We are now over 18 months from our launch of Locking Arms in December of 2014. We have seen God’s steadfast love to us personally and in many areas of ministry growth. We are experiencing his love and the anointing of his Spirit as we dwell together in unity as an authentic faith community of men. Thank you for your partnership in this ministry.
I have been memorizing Psalm 103 in relation to a challenge that our good brother Jon Kolb gave to us at our May retreat. It has been a great blessing to me, recalling it while commuting, praying it while walking our Golden Retriever Max, and chewing on small portions of it in times of quiet. Four times in this great Psalm David describes God’s amazing affection for us as steadfast love. Psalm 103:11 is an example…“As high as the heavens are above the earth, so great is his steadfast love towards those who fear him.” If we pick our Sun for example, the closest star at 93 million miles, he wants us to have a visual reminder everyday of how great his love is toward us as his covenant people. Steadfast love is the language of covenant. Israel knew covenant love only through Yahweh their covenant God. He loved to describe himself as the God of Abraham, Isaac, and Jacob (As he did to Moses in Exodus 3:14-15) because it affirmed his covenant faithfulness throughout generations.
We see very few covenant examples of love. We have become a culture where relationships are much more “consumer” driven than “covenant” driven. Relationships are viewed more out of a lens of perceived personal benefit and usefulness like our relationship with our dry cleaner rather than covenant commitment as in marriage. Sadly, even marriage has become for many a “consumer” driven relationship where vows spoken in church are not backed up by a life-long commitment. God’s vows to his bride, the church, are forever.
In Genesis Chapter 15, God affirmed his promise to make Abraham’s offspring as numerous as the stars in the heavens. Earlier he had promised that through his seed all nations would be blessed (Galatians 3:16 interprets as Christ). Then he sealed his oath by passing through the cut animals in the form of a blazing torch. This was the custom of how covenants were enacted between two parties except in this case God alone passed through them. The Hebrew word for covenant, berith, means “to cut.” His action declaring that the consequences of covenant unfaithfulness (disobedience) would be taken completely by God to insure its permanence. Covenant is the unconditional, language and costly action of love God portrayed to Abraham (Through his testing with Isaac his son- Genesis 22) and fulfilled in the coming of Christ (John 3:16). This covenant vow was fulfilled by Christ in the cross after centuries of covenant unfaithfulness by Israel. “Christ redeemed us from the curse of the law by becoming a curse for us, for it is written: “Cursed is everyone who is hung on tree.” Galatians 3:13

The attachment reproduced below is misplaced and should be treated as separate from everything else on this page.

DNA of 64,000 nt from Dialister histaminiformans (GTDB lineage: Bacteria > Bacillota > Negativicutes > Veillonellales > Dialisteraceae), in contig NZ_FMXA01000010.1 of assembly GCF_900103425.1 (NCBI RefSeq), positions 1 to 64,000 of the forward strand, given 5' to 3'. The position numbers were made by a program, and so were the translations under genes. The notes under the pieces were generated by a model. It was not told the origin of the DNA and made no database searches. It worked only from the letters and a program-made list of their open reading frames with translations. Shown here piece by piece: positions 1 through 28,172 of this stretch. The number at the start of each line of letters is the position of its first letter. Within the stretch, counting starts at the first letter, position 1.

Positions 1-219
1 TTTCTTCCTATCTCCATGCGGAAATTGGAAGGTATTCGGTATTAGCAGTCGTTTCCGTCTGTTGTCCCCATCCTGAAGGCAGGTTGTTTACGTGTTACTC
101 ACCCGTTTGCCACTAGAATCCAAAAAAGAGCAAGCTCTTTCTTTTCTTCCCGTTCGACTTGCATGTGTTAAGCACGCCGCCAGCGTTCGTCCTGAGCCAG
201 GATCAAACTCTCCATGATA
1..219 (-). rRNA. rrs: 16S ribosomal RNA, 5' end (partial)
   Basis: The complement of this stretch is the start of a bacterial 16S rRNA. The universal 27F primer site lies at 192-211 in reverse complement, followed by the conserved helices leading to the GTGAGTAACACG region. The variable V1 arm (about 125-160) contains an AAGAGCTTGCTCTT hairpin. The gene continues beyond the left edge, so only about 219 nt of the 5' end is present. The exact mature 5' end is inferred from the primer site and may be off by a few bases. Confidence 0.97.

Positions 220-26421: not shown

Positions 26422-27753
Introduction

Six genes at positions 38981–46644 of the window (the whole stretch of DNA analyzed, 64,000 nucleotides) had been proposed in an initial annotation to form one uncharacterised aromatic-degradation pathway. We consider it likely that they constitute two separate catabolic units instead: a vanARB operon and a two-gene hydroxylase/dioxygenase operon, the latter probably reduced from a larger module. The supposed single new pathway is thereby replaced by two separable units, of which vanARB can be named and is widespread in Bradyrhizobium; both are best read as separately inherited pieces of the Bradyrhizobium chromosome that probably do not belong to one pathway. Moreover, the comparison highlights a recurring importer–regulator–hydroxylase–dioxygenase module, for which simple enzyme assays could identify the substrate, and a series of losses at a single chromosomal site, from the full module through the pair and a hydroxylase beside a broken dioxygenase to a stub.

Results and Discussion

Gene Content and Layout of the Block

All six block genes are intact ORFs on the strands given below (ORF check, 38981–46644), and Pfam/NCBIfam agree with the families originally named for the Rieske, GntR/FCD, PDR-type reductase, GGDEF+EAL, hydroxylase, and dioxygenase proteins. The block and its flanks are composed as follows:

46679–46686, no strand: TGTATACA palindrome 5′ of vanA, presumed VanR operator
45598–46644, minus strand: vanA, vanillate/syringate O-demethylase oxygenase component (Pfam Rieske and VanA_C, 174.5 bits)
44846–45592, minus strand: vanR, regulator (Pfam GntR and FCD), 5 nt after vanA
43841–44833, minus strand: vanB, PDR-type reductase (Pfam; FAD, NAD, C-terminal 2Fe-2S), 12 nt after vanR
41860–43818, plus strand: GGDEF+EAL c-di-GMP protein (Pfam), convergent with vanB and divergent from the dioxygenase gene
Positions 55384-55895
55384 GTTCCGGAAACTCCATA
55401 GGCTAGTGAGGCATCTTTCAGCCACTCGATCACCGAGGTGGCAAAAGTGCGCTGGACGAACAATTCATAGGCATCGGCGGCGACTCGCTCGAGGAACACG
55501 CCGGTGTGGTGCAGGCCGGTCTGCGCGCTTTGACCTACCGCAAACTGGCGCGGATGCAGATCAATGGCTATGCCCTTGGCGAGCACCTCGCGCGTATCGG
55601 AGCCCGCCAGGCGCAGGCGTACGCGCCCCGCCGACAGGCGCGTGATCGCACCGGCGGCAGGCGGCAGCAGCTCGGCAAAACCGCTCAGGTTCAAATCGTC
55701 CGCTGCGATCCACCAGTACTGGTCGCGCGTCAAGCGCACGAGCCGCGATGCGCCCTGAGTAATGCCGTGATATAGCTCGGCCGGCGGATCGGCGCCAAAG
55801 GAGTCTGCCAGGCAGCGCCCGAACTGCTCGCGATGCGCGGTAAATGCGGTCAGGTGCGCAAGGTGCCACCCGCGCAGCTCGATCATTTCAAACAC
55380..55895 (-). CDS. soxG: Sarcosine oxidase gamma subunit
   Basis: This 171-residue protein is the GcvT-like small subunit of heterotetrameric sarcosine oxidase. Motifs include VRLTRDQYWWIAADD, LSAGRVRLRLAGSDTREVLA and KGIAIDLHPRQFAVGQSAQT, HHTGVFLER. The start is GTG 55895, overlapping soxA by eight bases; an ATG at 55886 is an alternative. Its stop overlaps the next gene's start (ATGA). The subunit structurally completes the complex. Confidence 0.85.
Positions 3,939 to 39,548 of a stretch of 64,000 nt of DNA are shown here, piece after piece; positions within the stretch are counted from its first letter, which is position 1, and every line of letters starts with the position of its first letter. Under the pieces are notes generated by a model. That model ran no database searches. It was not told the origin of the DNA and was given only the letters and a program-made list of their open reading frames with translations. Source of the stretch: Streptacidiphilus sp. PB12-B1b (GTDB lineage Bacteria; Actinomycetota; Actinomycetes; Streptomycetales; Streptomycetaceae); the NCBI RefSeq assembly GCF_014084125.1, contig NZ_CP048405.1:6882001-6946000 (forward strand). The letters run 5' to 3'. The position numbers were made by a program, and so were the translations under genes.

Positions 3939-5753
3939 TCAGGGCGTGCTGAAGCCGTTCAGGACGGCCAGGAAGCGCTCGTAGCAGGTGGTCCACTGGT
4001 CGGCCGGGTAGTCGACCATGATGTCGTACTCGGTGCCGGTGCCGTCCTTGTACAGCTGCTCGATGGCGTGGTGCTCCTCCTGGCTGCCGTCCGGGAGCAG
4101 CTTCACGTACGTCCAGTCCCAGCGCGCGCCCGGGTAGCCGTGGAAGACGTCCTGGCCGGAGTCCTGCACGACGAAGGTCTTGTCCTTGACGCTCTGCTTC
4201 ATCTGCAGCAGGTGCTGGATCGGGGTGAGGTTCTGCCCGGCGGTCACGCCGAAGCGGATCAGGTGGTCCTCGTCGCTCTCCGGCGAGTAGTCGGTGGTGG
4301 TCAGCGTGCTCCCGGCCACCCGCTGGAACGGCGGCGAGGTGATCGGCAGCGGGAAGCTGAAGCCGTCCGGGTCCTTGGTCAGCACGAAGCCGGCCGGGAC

The qualifying phrase included in 103:11 along with 103:13 (used elsewhere in v. 17) to those who “fear him” needs explanation. The fear of the Lord is not the fear of condemnation and judgment since we know in the new covenant that Christ has taken our condemnation and the penalty of sin in our place on the cross (Romans 3:23-25, 8:1-2). John, the beloved disciple, makes this point clear. “There is no fear in love. But perfect love drives out fear..”
(1 John 4:18) The perfect love of Christ drives away the fear of judgment in his children forever. The fear of God then must be something different. The fear of God is a reverence and awe that recognizes his holiness (Isaiah 6:1-7), his sovereign power (Isaiah 40:21-31) and his mighty works in creation, the cross, and the resurrection (Colossians 1:15-20). This fear of God comes to us through faith in Jesus Christ not by our merit. Faith “sees” in the cross both the holiness of God’s judgment against sin poured out upon his Son and the steadfast, covenant love of Jesus. The love that took our place of judgment to redeem us from sin’s penalty and power over us. The great African-American spiritual hymn, “Were You There,” emphasizes the reverent fear that costly grace should invoke in us.
Were you there when they crucified my Lord? (Were you there?)
Were you there when they crucified my Lord?
O Sometimes it causes me to tremble! tremble! tremble!
Were you there when they crucified my Lord? 1
This sense of trembling awe over all that Christ endured for us must lead us to deep gratitude and covenant faithfulness to our bridegroom. God wants us to walk in the full assurance of his steadfast love even when we have failed him. He is faithful and just to forgive us of our sins when we confess them (1 John 1:9). The spiritual consequence-broken fellowship with God is restored. He is unchanging towards us. We will however experience the physical, emotional, and relational consequences of sin, that is not taken away. To walk in the fear of the Lord is to honor Christ’s great sacrifice for us in the cross by laying down our lives for Him in surrender and obedience.
1. “Were You There.” First published in William Eleazar Barton’s 1899 Old Plantation Hymns.
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